KNOXVILLE, Tenn. (WATE) — At least eight Tennessee children were recently hospitalized as part of an outbreak of E. coli infections following a school field trip.

E. coli is bacteria, the CDC explains. Many strains are harmless, but there are some that can make you sick. Among those is Shiga toxin-producing E. coli, the strain health officials have determined the children were exposed to during their field trip.

“The toxin causes two main things. So hemolysis, which is the H in hemolytic uremic syndrome, which is a breakdown of blood cells and also uremic syndrome, which is kidney damage,” said Suzanne Rybczynski, M.D., M.S.H.C.M., chief medical officer at East Tennessee Children’s Hospital.

Several of the children were taken to East Tennessee Children’s Hospital in Knoxville for treatment. While she did not comment on their conditions, Rybczynski explained that severe E. coli can cause children to have severe diarrhea that’s often bloody with vomiting and a lot of abdominal pain.

“Once it’s diagnosed, antibiotics are not recommended and actually are detrimental. So really the care of those kids is supportive. So, if they need IV fluids they should get that. They need to be monitored for nutrition. If a kid does develop hemolytic uremic syndrome, they might end up in the hospital. They might end up in intensive care. And the kidney damage can be pretty severe, so they might end up needing dialysis, or they might actually need a blood transfusion,” said Rybczynski.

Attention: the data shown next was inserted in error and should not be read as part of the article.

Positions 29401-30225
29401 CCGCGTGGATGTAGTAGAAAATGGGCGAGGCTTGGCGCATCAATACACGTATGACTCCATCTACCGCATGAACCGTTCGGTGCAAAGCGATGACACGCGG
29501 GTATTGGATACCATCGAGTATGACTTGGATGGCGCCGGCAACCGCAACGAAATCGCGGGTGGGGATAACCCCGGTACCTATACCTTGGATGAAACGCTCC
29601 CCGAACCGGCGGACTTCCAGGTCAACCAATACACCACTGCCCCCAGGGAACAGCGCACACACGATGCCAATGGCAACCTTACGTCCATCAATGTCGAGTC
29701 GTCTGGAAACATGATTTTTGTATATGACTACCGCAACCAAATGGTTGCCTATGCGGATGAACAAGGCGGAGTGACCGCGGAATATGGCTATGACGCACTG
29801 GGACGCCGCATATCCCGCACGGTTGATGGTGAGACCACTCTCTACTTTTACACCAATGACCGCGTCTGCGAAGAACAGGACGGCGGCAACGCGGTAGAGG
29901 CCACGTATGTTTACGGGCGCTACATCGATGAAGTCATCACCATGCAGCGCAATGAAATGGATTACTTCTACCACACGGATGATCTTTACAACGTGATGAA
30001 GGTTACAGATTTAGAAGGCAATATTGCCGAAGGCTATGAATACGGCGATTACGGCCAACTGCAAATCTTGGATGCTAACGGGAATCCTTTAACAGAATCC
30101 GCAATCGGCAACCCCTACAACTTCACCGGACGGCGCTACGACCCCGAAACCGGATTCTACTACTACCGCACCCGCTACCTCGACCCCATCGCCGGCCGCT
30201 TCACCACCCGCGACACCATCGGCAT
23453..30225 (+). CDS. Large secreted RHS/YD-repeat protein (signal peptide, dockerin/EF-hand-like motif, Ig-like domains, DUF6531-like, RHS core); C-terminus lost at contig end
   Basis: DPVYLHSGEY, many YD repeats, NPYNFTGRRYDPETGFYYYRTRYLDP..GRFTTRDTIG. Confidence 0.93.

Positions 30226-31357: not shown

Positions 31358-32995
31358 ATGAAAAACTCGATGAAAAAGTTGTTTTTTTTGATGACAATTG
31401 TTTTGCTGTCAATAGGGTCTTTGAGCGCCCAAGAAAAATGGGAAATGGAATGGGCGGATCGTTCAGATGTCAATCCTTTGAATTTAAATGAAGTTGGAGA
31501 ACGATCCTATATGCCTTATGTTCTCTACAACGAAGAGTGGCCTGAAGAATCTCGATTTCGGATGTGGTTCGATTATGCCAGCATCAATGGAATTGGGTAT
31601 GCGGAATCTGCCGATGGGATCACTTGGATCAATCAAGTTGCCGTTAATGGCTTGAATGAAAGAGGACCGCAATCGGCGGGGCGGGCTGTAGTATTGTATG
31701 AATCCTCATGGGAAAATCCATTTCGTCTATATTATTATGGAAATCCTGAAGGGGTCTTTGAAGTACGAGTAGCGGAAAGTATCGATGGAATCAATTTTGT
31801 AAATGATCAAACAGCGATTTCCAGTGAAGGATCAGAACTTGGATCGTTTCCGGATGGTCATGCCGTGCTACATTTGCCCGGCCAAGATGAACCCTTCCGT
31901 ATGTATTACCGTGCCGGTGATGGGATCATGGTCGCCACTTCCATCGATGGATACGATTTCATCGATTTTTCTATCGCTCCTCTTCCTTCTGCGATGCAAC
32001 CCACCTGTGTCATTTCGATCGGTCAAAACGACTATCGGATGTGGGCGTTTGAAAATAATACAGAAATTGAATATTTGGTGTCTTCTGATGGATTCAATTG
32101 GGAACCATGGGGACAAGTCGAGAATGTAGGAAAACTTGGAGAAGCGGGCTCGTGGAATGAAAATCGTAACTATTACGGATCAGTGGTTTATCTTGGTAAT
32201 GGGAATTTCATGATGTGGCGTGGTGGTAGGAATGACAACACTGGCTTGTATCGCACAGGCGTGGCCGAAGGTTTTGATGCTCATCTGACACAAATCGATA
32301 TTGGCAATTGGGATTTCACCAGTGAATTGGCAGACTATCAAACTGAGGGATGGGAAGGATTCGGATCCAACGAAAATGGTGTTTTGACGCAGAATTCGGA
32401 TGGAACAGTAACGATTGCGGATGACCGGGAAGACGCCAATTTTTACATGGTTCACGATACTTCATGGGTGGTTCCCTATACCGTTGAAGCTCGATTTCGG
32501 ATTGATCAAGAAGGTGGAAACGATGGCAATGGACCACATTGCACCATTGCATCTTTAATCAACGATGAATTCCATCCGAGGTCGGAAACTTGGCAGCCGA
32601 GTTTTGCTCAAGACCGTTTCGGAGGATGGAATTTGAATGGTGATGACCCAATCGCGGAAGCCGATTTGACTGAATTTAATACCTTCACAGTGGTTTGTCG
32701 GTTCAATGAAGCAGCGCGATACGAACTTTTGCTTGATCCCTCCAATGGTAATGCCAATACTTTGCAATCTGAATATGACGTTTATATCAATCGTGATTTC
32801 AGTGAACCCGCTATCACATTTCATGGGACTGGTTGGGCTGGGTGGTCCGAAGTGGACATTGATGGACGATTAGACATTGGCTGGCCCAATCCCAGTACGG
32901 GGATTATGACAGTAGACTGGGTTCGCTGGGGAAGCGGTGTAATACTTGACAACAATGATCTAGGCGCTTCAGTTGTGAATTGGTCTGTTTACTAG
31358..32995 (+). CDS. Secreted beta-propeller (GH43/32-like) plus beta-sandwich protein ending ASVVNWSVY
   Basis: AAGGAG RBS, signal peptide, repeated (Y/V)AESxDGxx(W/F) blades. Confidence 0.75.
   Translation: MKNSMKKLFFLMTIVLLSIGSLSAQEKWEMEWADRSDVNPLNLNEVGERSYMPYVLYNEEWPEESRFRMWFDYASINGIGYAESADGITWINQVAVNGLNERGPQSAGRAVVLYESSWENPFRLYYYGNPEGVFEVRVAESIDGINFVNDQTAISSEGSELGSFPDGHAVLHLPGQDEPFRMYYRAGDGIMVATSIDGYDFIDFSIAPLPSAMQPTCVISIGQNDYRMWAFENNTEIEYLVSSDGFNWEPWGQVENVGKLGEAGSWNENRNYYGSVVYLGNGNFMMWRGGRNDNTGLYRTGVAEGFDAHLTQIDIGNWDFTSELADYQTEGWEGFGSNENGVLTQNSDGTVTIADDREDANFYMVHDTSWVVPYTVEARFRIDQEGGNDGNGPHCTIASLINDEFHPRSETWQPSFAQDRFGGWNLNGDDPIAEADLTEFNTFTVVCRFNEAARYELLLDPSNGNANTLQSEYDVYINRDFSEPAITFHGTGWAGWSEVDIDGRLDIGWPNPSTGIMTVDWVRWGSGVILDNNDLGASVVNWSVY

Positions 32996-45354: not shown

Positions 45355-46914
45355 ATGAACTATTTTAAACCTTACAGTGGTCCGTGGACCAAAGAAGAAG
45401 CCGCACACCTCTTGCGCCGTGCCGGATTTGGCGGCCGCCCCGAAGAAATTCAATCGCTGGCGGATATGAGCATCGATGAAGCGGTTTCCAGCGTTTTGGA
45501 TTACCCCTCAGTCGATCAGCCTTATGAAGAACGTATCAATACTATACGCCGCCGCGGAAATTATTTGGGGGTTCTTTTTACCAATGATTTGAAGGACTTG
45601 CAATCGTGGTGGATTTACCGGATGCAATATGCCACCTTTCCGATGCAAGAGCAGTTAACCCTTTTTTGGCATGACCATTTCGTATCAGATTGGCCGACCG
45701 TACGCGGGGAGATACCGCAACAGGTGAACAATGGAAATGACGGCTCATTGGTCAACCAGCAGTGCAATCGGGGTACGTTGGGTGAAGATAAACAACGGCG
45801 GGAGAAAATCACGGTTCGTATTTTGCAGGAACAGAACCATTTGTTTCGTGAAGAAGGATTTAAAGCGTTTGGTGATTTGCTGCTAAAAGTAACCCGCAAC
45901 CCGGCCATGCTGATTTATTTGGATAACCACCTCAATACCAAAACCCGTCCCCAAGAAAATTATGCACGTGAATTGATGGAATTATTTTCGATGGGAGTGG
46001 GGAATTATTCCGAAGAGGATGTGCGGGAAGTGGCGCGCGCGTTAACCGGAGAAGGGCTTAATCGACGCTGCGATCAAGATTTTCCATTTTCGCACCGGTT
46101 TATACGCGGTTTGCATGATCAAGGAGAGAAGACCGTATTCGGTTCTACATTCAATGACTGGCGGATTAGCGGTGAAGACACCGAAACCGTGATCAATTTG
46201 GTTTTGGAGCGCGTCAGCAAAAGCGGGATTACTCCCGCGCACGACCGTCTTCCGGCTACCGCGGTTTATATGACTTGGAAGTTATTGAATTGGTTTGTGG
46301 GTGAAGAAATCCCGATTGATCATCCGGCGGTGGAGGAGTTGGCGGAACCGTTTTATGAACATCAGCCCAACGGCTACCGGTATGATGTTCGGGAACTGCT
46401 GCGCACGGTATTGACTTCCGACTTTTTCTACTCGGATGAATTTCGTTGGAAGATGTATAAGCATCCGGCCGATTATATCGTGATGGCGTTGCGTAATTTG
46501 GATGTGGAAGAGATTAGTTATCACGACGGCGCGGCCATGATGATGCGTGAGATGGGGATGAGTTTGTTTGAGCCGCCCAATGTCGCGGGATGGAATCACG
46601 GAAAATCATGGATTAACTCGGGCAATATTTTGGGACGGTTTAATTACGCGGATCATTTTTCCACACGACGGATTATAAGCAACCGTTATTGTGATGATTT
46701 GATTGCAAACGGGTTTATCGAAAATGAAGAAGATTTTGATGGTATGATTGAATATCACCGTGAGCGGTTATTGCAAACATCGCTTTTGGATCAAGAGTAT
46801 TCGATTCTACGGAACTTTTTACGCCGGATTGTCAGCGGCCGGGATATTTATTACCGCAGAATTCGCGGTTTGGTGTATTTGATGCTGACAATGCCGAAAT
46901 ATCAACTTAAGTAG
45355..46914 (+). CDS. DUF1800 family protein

She went on to say that E. coli is typically spread through “a fecal-oral route”, which means food could have been contaminated during production or transportation, someone doesn’t wash their hands well, food wasn’t cooked well or milk wasn’t pasteurized, and the bacteria lives. It is very contagious and can lead to an outbreak.

“So, if you have a kid who has diarrhea or doesn’t realize that they have this infection brewing, they don’t wash their hands well. They touch things after going to the bathroom and then it kind of lives on surfaces. Another kid touches it, eats it, goes into their GI tract. So that’s how it’s typically spread,” said Rybczynski.

“The most important thing is to wash your hands a lot,” she added. “Sanitize your areas where you have food and you’re cooking. Make sure you cook your food well to kill any bacteria that’s in there, not just E coli, but other things. And one of the other things is to avoid unpasteurized milk and cheeses.”